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From Toke Eskildsen ...@statsbiblioteket.dk>
Subject Re: [Faceting] Exact Value Faceting VS ID Faceting
Date Thu, 26 Nov 2015 08:32:25 GMT
On Wed, 2015-11-25 at 15:56 +0000, Alessandro Benedetti wrote:
> I would like to have docValues because facets are going to be heavy on
> those fields.

> *Faceting approach *
> *1) *Indexing the human readable field value

Technically this will be a SORTED or SORTED_SET, which again means that
a pool of terms is maintained for each segment. The mapping from
documents to terms are done using ordinals, which are not comparable
across segments.

> Facets will be returned readable, out of the box.
> I can not see any cons in this approach, I would say it is the standard one.

With multiple segments, the terms from each segment must somehow be
aligned, do avoid duplicate entries in the result. This can either be
done be creating a segment_ordinal->global_ordinal map upon first
faceting call (facet.method=fc) or by on-the-fly comparison of top-X
terms from each segment (facet.method=fcs). Either way, there is a
performance penalty.

>    - When calculating faceting, in memory it is used the ordinal for each
>    term, which means in memory we don't waste space for the actual term, or
>    waste the time looking up for the value until the very end of the process,
>    after the counts are done .

The segment_ordinal->global_ordinal requires memory linear to the number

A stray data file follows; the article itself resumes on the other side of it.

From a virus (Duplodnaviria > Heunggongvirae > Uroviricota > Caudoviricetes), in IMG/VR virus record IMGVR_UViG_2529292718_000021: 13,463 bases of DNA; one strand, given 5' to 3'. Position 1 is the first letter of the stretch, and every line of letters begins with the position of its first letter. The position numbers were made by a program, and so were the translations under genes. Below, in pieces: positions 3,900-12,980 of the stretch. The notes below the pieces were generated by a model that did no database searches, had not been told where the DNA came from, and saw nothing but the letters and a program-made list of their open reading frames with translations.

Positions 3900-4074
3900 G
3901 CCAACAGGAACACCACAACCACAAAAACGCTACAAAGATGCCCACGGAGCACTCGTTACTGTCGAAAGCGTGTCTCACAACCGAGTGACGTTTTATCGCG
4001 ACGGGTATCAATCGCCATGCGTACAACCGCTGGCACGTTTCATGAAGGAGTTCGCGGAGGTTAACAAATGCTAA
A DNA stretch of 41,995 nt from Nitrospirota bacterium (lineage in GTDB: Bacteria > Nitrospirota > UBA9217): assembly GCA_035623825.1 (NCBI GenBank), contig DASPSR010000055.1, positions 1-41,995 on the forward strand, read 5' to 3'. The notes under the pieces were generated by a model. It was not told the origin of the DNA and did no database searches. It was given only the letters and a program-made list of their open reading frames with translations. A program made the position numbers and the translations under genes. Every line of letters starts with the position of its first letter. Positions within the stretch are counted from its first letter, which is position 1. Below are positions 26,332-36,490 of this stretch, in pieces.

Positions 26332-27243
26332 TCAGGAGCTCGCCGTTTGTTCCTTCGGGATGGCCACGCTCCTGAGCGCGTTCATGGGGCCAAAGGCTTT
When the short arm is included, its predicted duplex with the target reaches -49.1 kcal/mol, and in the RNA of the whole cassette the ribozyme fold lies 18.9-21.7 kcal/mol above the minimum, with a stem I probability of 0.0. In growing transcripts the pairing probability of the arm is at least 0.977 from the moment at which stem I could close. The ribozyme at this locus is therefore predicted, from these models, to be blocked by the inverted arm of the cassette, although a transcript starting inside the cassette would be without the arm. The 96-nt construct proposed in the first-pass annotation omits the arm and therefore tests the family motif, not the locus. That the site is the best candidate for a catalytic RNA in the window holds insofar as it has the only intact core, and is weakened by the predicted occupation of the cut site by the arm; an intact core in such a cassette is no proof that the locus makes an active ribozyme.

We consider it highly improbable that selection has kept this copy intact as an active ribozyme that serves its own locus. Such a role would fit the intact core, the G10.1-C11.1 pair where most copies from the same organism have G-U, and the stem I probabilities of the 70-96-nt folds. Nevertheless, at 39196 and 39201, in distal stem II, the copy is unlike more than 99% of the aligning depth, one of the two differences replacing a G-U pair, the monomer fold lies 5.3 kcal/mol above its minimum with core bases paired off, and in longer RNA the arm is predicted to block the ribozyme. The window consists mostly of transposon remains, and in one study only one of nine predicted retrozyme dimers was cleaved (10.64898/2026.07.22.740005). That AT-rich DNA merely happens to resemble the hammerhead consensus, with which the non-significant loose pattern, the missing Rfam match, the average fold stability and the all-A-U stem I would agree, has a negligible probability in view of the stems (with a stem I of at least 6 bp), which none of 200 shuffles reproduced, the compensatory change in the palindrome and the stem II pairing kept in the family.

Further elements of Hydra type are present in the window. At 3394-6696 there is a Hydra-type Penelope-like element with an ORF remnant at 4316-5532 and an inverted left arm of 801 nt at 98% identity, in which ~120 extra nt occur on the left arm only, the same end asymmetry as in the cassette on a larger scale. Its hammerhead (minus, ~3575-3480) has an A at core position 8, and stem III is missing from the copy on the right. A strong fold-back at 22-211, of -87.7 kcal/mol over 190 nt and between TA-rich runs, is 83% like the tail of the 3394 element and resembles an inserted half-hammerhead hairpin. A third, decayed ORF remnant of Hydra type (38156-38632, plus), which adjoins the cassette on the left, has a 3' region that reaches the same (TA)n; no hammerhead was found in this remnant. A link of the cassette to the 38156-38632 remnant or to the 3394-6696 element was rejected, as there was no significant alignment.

of unique values in the field. If fcs is used, there will be more term
lookups.

> *2)* Correlate outside the search system each term to a custom ID. Index
> the custom ID. After facets are calculated resolve the ID and show the
> human readable labels.

Assuming the ID is an integer (about the only thing that makes sense),
this ensures that the IDs are comparable across segments, so no
segment->global mapping is needed. This removes the performance penalty
described above and is (as far as I understand) the principle behind
Lucene faceting.

On the other hand, this approach is indeed more complicated and it
introduces another hotspot both for indexing (as document construction
requires a lookup in the term provider) and searching (for resolving the
final terms).



If we had a hashing method String->long and guaranteed that there would
be no collisions (or we accepted the occasional faulty result), then we
could avoid the segment->global map as well as the centralized term
server. To my knowledge, this has not yet been attempted.

- Toke Eskildsen



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